States’ latest weapon in the struggle for revenue: gross receipts taxes

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A gross receipts tax by any other name is still a gross receipts tax – and it goes by a number of different names in the various states that have enacted it.

Ohio calls its GRT the commercial activity tax, or CAT, Texas calls the state GRT a franchise tax or margin tax, Washington named its GRT the Business and Occupation Tax, and Nevada’s GRT is the Commerce Tax. And although New Mexico has a GRT, its characteristics are more similar to a broad-based sales tax, according to Joyce Beebe, a fellow in public finance at Rice University’s Baker Institute for Public Policy.

“While some states see a GRT as a revenue enhancer or a simpler alternative to the corporate income tax, most economists see it in a negative light because of tax pyramiding,” she said.

“Pyramiding occurs when products and services are taxed each time they are purchased and sold by subsequent firms during the production process,” she explained. “The tax thus becomes part of the base in each subsequent sale, and final purchasers pay a higher tax because of the repeated taxation of the same inputs,” she said.

Although pyramiding is the GRT’s major flaw, it is not unique to the GRT, Beebe observed: “Certain states that impose retail sales taxes on B2B transactions also face the risk of pyramiding. For example, about 35 percent of Connecticut’s 2014 retail sales taxes came from B2B transactions. New Mexico’s GRT taxes B2B transactions but provides ‘chain of commerce’ deductions similar to those under a VAT,” she said.

“Because of the lack of deductions for business-to-business sales and the repetitive tax levy at each stage of production, the effective tax rate on final sales under the GRT is higher than the statutory rate,” she said. “It could also be different for similar goods, depending on the number of taxable intermediate transactions in the production and distribution process.”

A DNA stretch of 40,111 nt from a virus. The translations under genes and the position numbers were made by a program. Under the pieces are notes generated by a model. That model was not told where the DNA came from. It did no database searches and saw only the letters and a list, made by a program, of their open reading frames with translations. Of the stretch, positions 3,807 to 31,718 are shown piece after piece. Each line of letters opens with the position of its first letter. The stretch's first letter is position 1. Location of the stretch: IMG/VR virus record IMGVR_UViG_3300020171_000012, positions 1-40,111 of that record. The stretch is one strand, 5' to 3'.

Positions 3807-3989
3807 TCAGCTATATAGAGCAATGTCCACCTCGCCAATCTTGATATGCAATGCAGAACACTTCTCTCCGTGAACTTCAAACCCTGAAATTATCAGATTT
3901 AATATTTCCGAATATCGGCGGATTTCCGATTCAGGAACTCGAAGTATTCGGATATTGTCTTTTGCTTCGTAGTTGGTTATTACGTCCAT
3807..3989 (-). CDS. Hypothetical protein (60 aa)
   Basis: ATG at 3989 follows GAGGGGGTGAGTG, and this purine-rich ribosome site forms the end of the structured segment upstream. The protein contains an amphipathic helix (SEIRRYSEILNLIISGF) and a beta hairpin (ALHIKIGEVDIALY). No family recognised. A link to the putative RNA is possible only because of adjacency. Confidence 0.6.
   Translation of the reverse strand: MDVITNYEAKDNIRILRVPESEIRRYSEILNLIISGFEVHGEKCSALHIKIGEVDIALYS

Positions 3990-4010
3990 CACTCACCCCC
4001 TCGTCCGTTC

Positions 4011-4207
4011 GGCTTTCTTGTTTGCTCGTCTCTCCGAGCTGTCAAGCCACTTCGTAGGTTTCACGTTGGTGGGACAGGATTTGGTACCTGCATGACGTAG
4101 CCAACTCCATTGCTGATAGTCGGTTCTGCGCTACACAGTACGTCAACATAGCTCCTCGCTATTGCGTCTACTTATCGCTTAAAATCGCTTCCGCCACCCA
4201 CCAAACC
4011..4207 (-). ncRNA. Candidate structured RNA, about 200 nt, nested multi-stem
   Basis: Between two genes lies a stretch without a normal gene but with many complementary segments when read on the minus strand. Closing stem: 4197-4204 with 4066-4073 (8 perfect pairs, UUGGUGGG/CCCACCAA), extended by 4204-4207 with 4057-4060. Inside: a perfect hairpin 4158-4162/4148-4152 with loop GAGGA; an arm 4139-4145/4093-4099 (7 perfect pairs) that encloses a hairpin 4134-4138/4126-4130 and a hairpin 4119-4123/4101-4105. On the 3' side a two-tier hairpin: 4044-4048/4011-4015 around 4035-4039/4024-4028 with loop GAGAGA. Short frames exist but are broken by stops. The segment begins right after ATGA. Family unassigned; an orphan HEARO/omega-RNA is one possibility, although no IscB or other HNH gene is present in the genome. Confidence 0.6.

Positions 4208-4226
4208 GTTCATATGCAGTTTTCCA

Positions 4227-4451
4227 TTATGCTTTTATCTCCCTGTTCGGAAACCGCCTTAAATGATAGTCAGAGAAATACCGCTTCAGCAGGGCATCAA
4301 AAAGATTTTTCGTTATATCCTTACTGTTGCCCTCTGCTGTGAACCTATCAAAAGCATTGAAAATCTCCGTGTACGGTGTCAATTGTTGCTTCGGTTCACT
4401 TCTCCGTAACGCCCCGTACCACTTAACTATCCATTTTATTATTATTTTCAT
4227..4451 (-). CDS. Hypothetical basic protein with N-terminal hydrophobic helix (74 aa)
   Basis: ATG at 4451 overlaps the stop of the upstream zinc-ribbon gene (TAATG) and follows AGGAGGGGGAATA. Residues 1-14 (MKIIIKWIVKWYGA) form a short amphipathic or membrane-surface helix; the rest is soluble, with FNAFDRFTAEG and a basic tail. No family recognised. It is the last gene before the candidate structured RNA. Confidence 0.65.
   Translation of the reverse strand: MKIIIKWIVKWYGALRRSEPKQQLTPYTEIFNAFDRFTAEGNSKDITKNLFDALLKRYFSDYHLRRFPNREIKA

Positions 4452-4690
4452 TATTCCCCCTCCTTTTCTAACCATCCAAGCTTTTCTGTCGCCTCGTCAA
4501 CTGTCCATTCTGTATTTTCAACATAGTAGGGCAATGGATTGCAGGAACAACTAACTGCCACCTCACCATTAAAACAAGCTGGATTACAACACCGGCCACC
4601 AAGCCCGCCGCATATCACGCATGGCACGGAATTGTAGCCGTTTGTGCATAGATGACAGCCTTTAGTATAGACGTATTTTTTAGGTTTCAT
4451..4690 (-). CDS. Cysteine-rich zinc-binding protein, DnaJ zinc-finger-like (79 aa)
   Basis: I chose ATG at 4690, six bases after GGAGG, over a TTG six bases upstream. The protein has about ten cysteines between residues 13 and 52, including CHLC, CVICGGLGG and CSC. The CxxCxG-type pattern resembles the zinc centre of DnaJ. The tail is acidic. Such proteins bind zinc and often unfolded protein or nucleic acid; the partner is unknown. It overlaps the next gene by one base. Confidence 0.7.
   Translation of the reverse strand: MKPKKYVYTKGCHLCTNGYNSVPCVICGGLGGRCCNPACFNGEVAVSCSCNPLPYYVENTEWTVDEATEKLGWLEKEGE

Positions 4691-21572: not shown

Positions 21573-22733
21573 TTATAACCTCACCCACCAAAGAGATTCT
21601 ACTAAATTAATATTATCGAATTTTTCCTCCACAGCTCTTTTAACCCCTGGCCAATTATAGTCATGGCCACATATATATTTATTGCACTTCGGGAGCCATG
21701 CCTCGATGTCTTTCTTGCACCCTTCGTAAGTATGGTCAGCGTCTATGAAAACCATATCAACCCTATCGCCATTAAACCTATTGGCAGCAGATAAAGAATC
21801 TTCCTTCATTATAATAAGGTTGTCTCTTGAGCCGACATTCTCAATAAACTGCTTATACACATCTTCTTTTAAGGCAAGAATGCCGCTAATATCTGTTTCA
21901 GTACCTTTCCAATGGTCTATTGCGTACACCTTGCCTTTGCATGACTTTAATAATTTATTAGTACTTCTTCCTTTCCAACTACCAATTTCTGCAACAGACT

In 2017 Oregon, Oklahoma, Louisiana and West Virginia sought to enact GRTs to replace their obsolete tax systems and improve revenue, Beebe noted. “Although none of the proposals were implemented, Oregon has suggested that it might propose creating a GRT again in the next legislative session, and West Virginia’s proposal was approved by the legislature but ultimately not enacted,” she said.

Despite its flaws, the GRT is viewed as superior to the corporate income tax by certain state lawmakers, Beebe indicated. “The GRT includes more types of businesses – C corporations, S corporations, limited liability companies, partnerships, etc. – in the tax base, as opposed to only C corporations. The CIT base has been shrinking because of the increasingly popular LLCs, which has reduced the number of C corporation formations. Moreover, a GRT would tax service-sector businesses that are often organized in non-corporate forms and therefore are exempt from the CIT.”

“Regardless of which business tax a state decides to implement, the overarching characteristics that are desirable are clear,” according to Beebe. “The tax should be a broad-based, low-rate tax that has limited pyramiding and does not create many tax avoidance opportunities,” she said. “After such a tax is enacted, states need to avoid the pressure to erode the tax base over time, either by offering concessions to specific industries, excluding particular groups or providing incentives for certain activities. Without ongoing maintenance, the shrinking tax base will necessitate rate increases to bring in the same amount of revenue, and the modified tax may eventually look like the CIT today.”

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